PROBLEM: My focal product doesn't stand out
SOLUTION: Your focal or hero product should always catch the readers eye in every photo, but how to do this without it getting lost within your setup can be tricky at times. My main piece of advice would be to always keep your main product to the centre of your setup, that doesn't mean it has to be positioned exactly in the middle and straight on but within that middle zone and slightly on a slant to make it look more naturally placed. Then to ensure nothing steals the limelight ensure all other props around your hero product are smaller and with nothing of bright colour or pattern.

PROBLEM: There are too many shadows
SOLUTION: A shadowless image isn't necessarily what you want to create when it comes to flat lay photography however large dark shadows can look severe, so we are ideally looking for soft or minimal shadows. When shooting from above with your setup on the floor or a table it's always best to have your natural light source (ideally a large window) on one side and then a reflector or a large piece of white foam board on the other side, reflecting the light onto your subject, thus balancing out harsh shadows. Another solution, if your setup isn't portable or next to a window is to pick up an inexpensive handheld reflector (I found a good one here), these are handy to hold while taking your images as you can move the silver reflector around your subject until it lifts the harsh shadows you are seeing. Time of day and weather is also worth being aware of!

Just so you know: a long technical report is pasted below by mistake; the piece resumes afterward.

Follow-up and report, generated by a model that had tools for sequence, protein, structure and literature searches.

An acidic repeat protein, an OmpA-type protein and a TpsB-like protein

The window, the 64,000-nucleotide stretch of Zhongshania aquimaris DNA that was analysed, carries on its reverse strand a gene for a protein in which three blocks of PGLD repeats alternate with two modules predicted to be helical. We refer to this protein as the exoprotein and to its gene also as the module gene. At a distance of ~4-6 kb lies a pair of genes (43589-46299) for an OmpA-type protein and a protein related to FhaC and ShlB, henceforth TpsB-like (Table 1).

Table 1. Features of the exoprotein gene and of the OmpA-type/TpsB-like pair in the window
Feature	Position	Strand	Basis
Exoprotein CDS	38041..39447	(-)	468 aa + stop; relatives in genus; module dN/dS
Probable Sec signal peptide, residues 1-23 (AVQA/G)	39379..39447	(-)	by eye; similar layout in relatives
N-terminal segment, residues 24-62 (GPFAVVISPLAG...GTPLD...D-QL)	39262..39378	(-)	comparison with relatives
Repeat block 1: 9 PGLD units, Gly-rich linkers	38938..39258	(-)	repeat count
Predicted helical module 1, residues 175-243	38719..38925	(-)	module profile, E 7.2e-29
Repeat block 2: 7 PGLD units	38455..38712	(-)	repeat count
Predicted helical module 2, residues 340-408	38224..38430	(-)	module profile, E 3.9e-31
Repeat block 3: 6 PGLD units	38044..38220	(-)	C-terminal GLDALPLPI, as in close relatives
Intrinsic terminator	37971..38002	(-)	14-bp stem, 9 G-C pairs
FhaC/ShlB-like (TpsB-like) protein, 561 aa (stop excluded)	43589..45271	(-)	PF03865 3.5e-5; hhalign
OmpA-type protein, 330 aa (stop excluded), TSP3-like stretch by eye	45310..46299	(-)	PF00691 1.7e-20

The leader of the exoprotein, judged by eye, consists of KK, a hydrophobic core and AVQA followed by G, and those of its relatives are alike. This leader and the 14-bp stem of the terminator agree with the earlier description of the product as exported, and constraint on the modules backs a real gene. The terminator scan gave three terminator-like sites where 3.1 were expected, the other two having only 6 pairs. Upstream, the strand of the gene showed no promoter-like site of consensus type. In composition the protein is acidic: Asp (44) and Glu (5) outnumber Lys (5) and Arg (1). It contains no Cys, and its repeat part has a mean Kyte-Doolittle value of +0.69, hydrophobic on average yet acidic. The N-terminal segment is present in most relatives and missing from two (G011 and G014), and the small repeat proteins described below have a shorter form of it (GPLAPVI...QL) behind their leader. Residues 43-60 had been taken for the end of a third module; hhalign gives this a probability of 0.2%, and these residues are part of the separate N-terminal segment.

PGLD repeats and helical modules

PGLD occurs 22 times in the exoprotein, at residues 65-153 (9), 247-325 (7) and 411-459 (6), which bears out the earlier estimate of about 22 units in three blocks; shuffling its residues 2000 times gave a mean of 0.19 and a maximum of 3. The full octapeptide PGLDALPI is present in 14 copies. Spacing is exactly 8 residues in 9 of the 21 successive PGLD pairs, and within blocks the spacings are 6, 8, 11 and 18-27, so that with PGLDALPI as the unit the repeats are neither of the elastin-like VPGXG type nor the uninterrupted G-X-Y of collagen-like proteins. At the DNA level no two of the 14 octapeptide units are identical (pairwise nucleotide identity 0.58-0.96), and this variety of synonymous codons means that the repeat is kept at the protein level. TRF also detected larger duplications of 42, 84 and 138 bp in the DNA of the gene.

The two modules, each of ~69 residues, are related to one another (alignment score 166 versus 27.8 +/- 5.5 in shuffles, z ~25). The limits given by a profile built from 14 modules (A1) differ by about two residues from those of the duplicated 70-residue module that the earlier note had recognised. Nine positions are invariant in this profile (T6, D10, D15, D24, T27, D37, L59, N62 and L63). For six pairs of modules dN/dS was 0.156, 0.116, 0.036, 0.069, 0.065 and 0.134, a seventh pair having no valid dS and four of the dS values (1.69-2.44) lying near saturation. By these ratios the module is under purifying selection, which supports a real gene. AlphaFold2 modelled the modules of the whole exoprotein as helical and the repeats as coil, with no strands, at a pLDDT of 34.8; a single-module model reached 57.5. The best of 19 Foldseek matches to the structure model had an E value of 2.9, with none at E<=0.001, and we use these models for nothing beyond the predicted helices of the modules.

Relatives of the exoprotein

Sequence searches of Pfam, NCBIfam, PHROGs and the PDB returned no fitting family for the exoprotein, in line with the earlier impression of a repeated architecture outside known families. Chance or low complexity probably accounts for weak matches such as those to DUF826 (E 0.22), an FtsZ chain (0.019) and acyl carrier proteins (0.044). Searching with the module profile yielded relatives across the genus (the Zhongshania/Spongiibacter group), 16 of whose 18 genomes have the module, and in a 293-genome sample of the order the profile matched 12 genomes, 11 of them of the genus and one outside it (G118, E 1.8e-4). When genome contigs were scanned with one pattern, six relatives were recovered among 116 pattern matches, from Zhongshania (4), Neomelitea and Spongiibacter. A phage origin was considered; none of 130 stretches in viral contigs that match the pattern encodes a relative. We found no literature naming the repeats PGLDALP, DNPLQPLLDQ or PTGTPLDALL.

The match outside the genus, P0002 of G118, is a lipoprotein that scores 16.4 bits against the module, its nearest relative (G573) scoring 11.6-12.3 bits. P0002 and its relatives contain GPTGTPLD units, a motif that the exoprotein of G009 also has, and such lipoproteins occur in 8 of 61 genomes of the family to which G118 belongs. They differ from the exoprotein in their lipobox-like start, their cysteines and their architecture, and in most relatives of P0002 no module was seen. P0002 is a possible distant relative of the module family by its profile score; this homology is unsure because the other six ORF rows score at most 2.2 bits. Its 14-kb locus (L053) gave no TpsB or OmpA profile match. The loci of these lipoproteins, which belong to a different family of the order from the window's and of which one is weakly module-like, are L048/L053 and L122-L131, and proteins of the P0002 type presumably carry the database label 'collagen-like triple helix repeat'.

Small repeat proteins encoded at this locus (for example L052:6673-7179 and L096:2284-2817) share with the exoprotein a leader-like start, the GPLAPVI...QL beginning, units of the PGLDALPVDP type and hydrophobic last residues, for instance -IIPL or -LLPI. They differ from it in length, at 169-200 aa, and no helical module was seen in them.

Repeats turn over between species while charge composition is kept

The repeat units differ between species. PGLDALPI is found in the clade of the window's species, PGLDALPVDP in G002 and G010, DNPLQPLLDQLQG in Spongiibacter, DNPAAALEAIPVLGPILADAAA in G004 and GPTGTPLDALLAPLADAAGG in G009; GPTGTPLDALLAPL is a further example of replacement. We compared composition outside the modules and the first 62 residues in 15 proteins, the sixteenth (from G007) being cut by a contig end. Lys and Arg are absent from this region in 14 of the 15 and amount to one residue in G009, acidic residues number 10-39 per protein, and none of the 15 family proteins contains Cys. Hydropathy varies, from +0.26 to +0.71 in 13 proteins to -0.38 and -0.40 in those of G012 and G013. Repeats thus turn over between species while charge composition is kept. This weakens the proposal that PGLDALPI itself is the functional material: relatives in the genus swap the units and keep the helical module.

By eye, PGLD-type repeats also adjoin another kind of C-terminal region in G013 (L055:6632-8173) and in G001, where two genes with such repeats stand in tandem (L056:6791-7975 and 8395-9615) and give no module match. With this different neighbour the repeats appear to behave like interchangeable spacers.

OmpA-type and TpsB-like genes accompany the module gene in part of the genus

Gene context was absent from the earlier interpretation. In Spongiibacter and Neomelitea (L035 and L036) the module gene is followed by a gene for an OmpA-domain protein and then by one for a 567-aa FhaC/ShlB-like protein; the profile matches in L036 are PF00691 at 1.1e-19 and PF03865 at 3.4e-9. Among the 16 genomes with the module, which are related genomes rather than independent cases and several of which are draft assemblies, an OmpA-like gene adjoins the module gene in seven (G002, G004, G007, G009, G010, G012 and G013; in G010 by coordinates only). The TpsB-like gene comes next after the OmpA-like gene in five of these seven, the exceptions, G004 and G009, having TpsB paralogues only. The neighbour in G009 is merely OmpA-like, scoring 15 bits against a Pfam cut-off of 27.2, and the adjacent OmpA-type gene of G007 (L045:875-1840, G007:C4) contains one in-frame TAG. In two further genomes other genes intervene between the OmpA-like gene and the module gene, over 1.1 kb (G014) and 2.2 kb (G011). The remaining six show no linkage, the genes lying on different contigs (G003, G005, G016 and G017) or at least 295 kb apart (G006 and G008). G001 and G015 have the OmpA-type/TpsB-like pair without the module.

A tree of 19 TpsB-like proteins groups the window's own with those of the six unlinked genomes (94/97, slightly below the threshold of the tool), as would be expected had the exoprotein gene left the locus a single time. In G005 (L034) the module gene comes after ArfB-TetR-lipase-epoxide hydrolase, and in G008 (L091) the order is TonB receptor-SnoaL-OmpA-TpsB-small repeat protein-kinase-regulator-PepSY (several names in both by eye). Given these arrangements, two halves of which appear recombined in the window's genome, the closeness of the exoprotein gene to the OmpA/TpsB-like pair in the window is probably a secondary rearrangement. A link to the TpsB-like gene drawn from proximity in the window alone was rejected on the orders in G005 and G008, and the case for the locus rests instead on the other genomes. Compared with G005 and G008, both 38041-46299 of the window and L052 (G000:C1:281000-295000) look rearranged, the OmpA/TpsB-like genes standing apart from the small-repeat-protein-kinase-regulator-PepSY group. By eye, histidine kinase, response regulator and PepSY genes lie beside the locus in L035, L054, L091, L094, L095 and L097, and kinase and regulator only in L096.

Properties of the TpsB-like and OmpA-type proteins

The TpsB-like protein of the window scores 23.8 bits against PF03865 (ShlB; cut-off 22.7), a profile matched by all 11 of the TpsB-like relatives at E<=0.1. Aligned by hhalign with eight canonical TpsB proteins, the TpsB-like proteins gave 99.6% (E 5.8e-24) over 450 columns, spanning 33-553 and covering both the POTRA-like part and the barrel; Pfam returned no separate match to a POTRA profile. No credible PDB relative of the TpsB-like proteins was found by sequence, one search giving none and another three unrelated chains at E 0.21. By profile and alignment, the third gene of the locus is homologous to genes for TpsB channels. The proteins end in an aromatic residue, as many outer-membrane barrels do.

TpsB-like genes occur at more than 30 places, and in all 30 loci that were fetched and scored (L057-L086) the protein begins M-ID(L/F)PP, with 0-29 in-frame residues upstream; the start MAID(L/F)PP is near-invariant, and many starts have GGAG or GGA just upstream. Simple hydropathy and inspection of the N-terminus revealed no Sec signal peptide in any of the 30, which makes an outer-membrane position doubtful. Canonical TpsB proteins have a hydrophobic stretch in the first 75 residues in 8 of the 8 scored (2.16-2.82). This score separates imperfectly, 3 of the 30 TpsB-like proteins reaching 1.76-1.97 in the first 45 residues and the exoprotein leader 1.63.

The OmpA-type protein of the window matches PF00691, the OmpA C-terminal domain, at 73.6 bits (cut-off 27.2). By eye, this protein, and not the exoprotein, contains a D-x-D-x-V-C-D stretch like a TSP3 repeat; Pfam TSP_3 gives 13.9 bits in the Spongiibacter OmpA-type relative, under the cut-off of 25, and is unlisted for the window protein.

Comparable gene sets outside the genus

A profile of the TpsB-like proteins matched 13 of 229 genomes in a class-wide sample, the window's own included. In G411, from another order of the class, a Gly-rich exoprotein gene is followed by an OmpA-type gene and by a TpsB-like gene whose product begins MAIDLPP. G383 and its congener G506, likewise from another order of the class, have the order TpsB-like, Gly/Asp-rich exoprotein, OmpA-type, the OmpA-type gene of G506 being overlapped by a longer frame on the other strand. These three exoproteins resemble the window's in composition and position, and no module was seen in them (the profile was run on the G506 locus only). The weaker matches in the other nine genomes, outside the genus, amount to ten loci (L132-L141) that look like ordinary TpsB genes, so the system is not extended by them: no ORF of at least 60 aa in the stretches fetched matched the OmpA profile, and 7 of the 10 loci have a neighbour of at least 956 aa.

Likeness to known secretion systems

Of course, shadows can also be corrected by lightening, softening or removing them in the post editing of your images in Photoshop or similar.

PROBLEM: A few of my props look tilted when I take the photo but not in person
SOLUTION: This is all down to perspective and not having your camera at the exact angle so that everything looks how it does in real life. Products or items that are smaller on one end can also give this effect to no fault of your own. 

I highly recommend always taking a test shot to see how everything is looking and then addressing any issues you have with your flat lay. The way I like to combat props/products from having that slightly warped or tilted down look is to prop up one side of them from underneath. For example a book I will sometimes need to place something that's a few centimetres in height hidden under one side and for smaller items I will use a ball of blue tack under them. I then look at the live view of my camera to check if that's corrected the perspective issue and generally it does! However sometimes due to the awkward shape of an item it will always look off when paired with items that sit correctly - in which case I ditch said prop and fill the space with other less awkward items.  

Let me know if you have any of your own flat lay photography questions and if you liked this format as I may create a blog photography series addressing problems and issues that can arise! 

Fee xo.